We celebrate 20 years of this Japanese label's humble dedication to obscure music.
For 20 years, Emura has worked full-time, solo, running EM Records. "Anyone can start a label and put out a record, but keeping it going is another thing," he said. "There are many people who can tell you how to start it, but nobody can teach you how to sustain it for a long time. The advantage of running it all by yourself is that you don't have team or company meetings to make decisions. That saves a lot of my time." EM Records launched in 1998, after Emura left his position as a record buyer at noted digging spot Jellybean Records in Osaka, where he started working part-time as a university student.
Inside his office, the largest wall is covered by floor-to-ceiling shelves holding his personal collection of vinyl, cassettes and books. The bookshelf is filled with titles like Ethnic Music Encyclopedia, Jamaican Patois Dictionary, A Guide To Indonesian Music, Japanese Music History and The Blues Book. A small desk sits in the centre of the room, with two speakers neatly positioned on both sides of the computer screen at ear level, tilted inwards ensuring the sweet spot is just right. In front of his seat there are original artworks for three of Roland P. Young's albums, two of which were painted by Young's wife. On the left side of his desk is his CD collection, with a Trojan Dancehall Explosion compilation alongside an Alvin Lucier album and numerous titles I have never heard before. In the back of the room, near the window facing the street, sits a portion of EM Records' two-decade catalogue.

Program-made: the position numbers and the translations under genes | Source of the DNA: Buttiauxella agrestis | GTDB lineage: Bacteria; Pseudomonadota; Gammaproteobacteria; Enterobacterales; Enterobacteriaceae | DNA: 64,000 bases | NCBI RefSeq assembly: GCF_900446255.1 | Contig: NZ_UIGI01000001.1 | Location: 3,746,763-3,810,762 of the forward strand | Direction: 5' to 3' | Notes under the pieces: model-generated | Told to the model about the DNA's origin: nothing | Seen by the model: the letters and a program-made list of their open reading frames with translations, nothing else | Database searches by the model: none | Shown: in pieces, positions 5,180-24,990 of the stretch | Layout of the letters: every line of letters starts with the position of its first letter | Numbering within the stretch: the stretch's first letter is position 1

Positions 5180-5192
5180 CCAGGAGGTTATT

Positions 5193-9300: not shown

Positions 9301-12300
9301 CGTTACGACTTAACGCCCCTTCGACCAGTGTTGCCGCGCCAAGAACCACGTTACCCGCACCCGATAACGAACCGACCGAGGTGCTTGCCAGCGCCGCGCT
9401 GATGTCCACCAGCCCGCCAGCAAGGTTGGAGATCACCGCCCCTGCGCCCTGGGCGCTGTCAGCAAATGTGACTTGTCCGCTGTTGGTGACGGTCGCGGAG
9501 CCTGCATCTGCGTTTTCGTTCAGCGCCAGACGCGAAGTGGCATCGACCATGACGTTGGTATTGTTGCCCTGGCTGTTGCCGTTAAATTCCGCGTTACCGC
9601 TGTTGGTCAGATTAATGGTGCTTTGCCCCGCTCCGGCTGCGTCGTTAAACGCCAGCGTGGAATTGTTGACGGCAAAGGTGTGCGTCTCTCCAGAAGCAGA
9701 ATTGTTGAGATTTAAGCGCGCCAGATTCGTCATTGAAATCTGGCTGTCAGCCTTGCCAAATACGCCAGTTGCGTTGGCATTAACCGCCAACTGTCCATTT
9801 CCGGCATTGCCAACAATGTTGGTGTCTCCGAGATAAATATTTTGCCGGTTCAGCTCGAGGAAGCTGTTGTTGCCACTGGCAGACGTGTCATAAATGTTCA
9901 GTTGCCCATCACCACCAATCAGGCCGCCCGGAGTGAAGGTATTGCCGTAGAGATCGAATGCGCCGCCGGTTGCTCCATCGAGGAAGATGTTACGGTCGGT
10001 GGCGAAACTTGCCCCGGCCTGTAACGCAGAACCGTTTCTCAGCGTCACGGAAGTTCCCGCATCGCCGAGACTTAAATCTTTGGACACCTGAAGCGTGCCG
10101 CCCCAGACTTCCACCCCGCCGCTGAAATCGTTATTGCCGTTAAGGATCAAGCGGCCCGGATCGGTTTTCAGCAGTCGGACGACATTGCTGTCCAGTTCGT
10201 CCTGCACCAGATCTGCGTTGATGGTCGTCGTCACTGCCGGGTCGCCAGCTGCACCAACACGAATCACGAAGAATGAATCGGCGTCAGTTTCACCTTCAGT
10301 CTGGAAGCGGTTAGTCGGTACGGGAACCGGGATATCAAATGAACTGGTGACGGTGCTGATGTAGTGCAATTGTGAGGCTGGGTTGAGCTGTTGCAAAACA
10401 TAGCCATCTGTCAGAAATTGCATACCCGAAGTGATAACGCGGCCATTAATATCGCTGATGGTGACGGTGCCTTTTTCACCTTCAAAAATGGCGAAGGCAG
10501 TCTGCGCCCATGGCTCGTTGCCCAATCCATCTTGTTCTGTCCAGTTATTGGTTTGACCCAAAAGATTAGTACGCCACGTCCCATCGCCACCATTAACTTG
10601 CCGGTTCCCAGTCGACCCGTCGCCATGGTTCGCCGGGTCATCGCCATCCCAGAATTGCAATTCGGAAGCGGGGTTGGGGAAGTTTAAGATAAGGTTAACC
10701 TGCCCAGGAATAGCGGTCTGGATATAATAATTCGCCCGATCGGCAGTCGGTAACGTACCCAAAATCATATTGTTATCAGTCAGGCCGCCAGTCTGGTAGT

The collection in Emura's office includes music from almost every corner of the world in a huge variety of styles from various eras. Pretty much all of it is obscure. EM Records has reissued gems from the past, but the label has also released cutting-edge contemporary music. It's hard to comprehend how much musical knowledge Emura has accumulated over so many years of working with records and being at the centre of Osaka's vibrant scene.